9-10 mai 2016 : Workshop international sur l'"émergence dans les sciences de la matière"


Avec la participation de V. Ardourel, E. Castellani, S. de Haro Ollé, A. Guay, P. Humphreys, D. Lambert, J. Martens, M. Mossio et O. Sartenaer.


Ce workshop est organisé dans le contexte du séminaire de maitrise LFILO2930 et du séminaire doctoral LISP3200. Outre des présentations de leurs travaux réalisées par les étudiants, le workshop sera l'occasion de la rencontre d'experts internationaux.

Le workshop sera bilingue Français-Anglais.


Programme des journées

9 mai

10h-11h30 – Paul Humphreys : "Transformational emergence"
11h45-12h15 – Présentation étudiante : Gwenaël Laurent
12h15-14h – Pause midi
14h-15h30 – Alexandre Guay & Olivier Sartenaer : "Emergent quasiparticles. Or how to get a rich physics from a sober metaphysics"
15h30-16h – Présentation étudiante : Astrid Modera
16h15-17h45 – Elena Castellani & Sebastian de Haro Ollé : "Duality and emergence"

10 mai

9h-10h30 – Dominique Lambert : "Modelling emergence: some epistemological questions"
10h45-12h15 – Vincent Ardourel : "Emergence and infinite idealizations in statistical mechanics"
12h15-14h – Pause midi
14h-15h30 – Matteo Mossio : "What does it mean to be an antireductionist in contemporary biology?"
15h30-16h – Présentation étudiante : Philippe Van Cutsem
16h15-17h45 – Johannes Maertens : "The emergence of biological individuality: a Darwinian perspective"



Paul Humphreys (Université de Virginie)
« Transformational Emergence »

This paper argues for a particular type of diachronic emergence. I shall begin by arguing that many of the problems associated with emergence result from an unnecessary commitment to synchronic accounts of emergence, a commitment which began with C.D. Broad and retains its grip on contemporary approaches. I shall then describe an alternative tradition, explain what a diachronically fundamental entity is, and provide an account based on the diachronic emergence of new types of entity. Two examples will be given, one an accessible example from sociology that is hypothetical and a more plausible candidate that appeals to muon decay in the Standard Model. I shall conclude with some brief remarks about the distinctions between invariance of law forms, of fundamental constants, and of types of fundamental particles and how the account of emergence given here relates to recent work on emergence by Alexandre Guay and Olivier Sartenaer.

Alexandre Guay & Olivier Sartenaer (Université catholique de Louvain)
« Emergent Quasiparticles. Or How to Get a Rich Physics from a Sober Metaphysics »

Robert B. Laughlin, one of the co-winners of the 1998 Nobel prize in physics, awarded for his significant contribution to our understanding of the fractional quantum Hall effect, has recently been one of the main physicists who championed a view of emergence that can reasonably be considered as ontological. Among the different facets of Laughlin’s emergentism is the claim that anyons – the quasiparticles involved in the fractional quantum Hall effect – have a special ontological status, namely, they are to be considered among the fundamental building blocks of reality, and this in spite of their existential dependence on a very specific experimental context. In our talk, we propose to (i) unpack the main tenets of Laughlin’s emergentism and, more precisely, his claims about the putative emergence of anyons, (ii) evaluate the relevance of one of the rare philosophical reconstruction of Laughlin’s emergentism, namely the “mutualist dynamics” put forward by Carl Gillett in his forthcoming book –, (iii) propose an alternative, metaphysically cheaper strategy of making sense of Laughlin’s insights – a strategy embedded in the recent “transformational” framework advocated by Paul Humphreys –, and finally (iv) formulate some remarks about the status of quantum individuals in the light of the particle/quasiparticle distinction.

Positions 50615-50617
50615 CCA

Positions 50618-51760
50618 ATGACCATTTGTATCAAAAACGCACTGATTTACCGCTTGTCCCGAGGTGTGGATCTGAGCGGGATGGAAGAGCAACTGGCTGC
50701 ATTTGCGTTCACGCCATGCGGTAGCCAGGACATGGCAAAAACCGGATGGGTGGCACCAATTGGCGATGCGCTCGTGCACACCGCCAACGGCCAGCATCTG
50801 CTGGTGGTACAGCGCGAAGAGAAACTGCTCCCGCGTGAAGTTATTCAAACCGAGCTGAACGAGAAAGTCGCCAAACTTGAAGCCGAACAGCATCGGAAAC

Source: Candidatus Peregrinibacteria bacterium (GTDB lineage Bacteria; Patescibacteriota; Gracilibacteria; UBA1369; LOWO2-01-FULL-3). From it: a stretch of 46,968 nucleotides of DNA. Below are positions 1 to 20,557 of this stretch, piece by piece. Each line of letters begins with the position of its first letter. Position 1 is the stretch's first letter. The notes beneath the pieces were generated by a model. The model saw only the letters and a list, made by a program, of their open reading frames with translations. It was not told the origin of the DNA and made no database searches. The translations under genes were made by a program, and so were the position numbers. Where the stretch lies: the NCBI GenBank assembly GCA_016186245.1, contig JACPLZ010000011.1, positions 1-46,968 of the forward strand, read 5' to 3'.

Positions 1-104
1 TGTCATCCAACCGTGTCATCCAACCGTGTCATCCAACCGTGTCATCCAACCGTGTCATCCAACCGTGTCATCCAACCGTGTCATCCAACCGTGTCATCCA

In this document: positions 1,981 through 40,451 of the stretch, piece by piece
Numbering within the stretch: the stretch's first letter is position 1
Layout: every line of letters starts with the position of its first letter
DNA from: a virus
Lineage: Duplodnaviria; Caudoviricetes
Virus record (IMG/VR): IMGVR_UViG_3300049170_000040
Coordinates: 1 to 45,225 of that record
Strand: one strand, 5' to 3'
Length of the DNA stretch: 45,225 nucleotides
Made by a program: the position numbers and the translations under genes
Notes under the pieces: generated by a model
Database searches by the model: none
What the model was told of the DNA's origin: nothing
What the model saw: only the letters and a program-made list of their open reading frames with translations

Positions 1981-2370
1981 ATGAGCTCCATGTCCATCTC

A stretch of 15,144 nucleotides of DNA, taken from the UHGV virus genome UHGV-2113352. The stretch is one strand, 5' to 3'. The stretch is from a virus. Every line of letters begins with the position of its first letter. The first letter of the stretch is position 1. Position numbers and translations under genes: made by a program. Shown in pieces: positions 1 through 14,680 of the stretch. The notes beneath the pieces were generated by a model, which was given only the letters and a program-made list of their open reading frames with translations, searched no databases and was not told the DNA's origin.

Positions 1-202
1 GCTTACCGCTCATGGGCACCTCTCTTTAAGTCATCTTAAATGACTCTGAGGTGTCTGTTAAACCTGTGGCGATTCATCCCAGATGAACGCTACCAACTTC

Elena Castellani (Université de Florence) & Sebastian de Haro Ollé (Université d’Amsterdam)
« Duality and Emergence »

Duality and emergence are two notions in an intriguing relation: on the one side, they seem to be closely connected, on the other side, they are clearly distinct—perhaps even mutually exclusive? The key feature, in the case of duality, is the kind of equivalence between two theories that it entails (or two descriptions of the same theory, in case of self-duality). In the case of emergence, the focus is rather on the aspect of novelty that the notion entails, and thus, apparently, on a lack of equivalence between two theories or phenomena. The dualities which are of great relevance in field and string theory, however, seem to be related to emergence: in many cases, the dual correspondence seems to give a form of emergence (new particles or new phenomena). How to combine these apparently contrasting features?
In this talk we will explore in which sense analysing the contrast between duality and emergence can be helpful in clarifying their meaning. The key point of contrast with respect to which comparing the two notions will be the following: whereas duality always entails theoretical (formal, or representational) equivalence, emergence, by contrast, assumes a representational asymmetry. We will discuss a number of mechanisms which lead to such asymmetry and spell out whether, and how, duality and emergence can coexist. In particular, we will consider two duality cases, which are of great relevance in today’s theoretical physics: namely, the case of weak-strong duality or S-duality (which can be seen as a generalization of electric-magnetic duality) in quantum field theory and string theory, and the case of gauge/gravity dualities in string theory.